Pregnancy testing is commonly performed at 14, 30 and 45 days post ovulation. For mares where an ovulation check has not been performed a rough guide for the first pregnancy test is 15-16 days after the last service.

At 14 days post ovulation the pregnancy(s) are visible as a small approximately 1 cm fluid filled sac (vesicle). At this stage the pregnancy is still moving around the uterus. If twin pregnancies are detected one of the pregnancies may be reduced with a high chance of the other pregnancy surviving. (Please note that twin pregnancy in mares has a high complication rate often leading to loss of one or both foals and possible foaling complications for the mare. If detected it is generally recommended that the pregnancy be reduced to a singleton if possible or if not possible that both pregnancies be aborted.)

At 30 days post ovulation the pregnancy(s) are visible as fluid filled sacs with an embryo and its heartbeat can also been seen. It is still possible to reduce twin pregnancies to a singleton but there is a higher chance of losing both the pregnancies in that attempt. If a problem is detected with the pregnancy it is possible to use medication to abort the pregnancy with a high chance of the mare coming back in season for service.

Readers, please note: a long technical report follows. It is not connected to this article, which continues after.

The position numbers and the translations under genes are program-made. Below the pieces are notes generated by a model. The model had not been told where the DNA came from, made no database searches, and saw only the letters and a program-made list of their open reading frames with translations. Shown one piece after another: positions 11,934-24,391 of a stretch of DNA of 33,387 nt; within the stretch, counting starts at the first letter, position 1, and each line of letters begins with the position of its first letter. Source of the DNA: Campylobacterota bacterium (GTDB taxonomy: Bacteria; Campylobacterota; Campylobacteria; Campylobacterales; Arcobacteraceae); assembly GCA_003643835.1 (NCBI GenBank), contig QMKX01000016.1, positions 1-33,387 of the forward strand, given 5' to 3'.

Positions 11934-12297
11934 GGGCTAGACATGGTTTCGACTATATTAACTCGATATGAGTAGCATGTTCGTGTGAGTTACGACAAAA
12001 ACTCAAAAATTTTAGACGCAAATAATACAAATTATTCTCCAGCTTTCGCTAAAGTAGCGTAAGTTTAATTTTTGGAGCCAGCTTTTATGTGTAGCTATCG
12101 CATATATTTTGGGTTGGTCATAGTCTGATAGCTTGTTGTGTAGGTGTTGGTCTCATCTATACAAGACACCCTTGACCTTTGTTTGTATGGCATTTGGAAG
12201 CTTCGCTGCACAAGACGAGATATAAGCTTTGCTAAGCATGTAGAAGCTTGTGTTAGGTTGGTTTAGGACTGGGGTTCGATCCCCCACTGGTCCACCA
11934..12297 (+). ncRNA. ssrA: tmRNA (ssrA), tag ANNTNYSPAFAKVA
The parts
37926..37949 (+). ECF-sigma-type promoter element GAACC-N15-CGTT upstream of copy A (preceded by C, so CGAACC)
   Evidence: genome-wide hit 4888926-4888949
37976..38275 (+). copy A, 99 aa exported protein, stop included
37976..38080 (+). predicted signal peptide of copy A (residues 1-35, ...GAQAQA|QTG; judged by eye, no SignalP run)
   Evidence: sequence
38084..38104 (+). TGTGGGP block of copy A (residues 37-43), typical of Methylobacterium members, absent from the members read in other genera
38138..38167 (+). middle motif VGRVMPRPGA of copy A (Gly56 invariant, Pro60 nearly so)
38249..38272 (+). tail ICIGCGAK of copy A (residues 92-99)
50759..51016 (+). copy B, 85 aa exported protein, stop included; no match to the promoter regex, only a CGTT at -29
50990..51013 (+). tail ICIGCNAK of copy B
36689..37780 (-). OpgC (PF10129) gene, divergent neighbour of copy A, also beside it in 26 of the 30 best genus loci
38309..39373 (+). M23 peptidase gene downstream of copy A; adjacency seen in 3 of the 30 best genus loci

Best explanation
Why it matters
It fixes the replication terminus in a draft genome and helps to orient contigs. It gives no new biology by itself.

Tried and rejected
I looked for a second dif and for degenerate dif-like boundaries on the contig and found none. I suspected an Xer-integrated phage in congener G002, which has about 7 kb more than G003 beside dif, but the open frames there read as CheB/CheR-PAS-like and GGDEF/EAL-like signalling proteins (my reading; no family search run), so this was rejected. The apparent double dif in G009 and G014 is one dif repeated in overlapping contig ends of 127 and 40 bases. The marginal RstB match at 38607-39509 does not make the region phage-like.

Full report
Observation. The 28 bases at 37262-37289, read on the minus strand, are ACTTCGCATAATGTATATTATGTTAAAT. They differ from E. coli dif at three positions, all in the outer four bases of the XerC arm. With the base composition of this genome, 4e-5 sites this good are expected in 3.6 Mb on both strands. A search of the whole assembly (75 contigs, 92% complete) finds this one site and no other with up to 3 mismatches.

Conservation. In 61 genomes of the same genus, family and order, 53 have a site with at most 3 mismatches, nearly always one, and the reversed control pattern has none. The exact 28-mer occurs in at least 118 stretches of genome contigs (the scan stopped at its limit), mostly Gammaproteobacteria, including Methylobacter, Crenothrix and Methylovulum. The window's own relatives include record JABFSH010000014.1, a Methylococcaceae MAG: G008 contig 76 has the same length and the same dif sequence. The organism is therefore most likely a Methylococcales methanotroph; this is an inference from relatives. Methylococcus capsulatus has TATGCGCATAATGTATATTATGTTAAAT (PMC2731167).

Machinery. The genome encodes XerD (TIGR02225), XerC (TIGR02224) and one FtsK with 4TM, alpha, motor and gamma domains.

At 45 days post ovulation the pregnancy(s) are visible as fluid filled sacs with the embryo and its heartbeat. It is much more difficult to reduce twin pregnancies to a single pregnancy at this stage, and even if the pregnancy is aborted using medication the mare may not come back in season for several months.

If pregnancy examination is performed after 45 days it becomes more difficult to detect twin pregnancies as the increasing size of the uterus and foetus makes it difficult to scan the entire uterus.

Of course the above ultrasound exams are by no means compulsory but as you can see there is a reason for each of them!

If ultrasound examination is not performed it is possible to evaluate pregnancy status by other methods such as ‘teasing’ the mare when it is anticipated she would be in season after service. There are also blood and urine tests available that determine the presence of hormones produced at different stages of pregnancy. Please note that these methods of pregnancy testing will not detect twin pregnancies, and they are not infallible.

Our vets are experienced in follicle testing and pregnancy testing in mares, including achieving pregnancy in ‘harder to get in foal’ mares. Please do not hesitate to call us and arrange a consult to develop a breeding plan for your mare.

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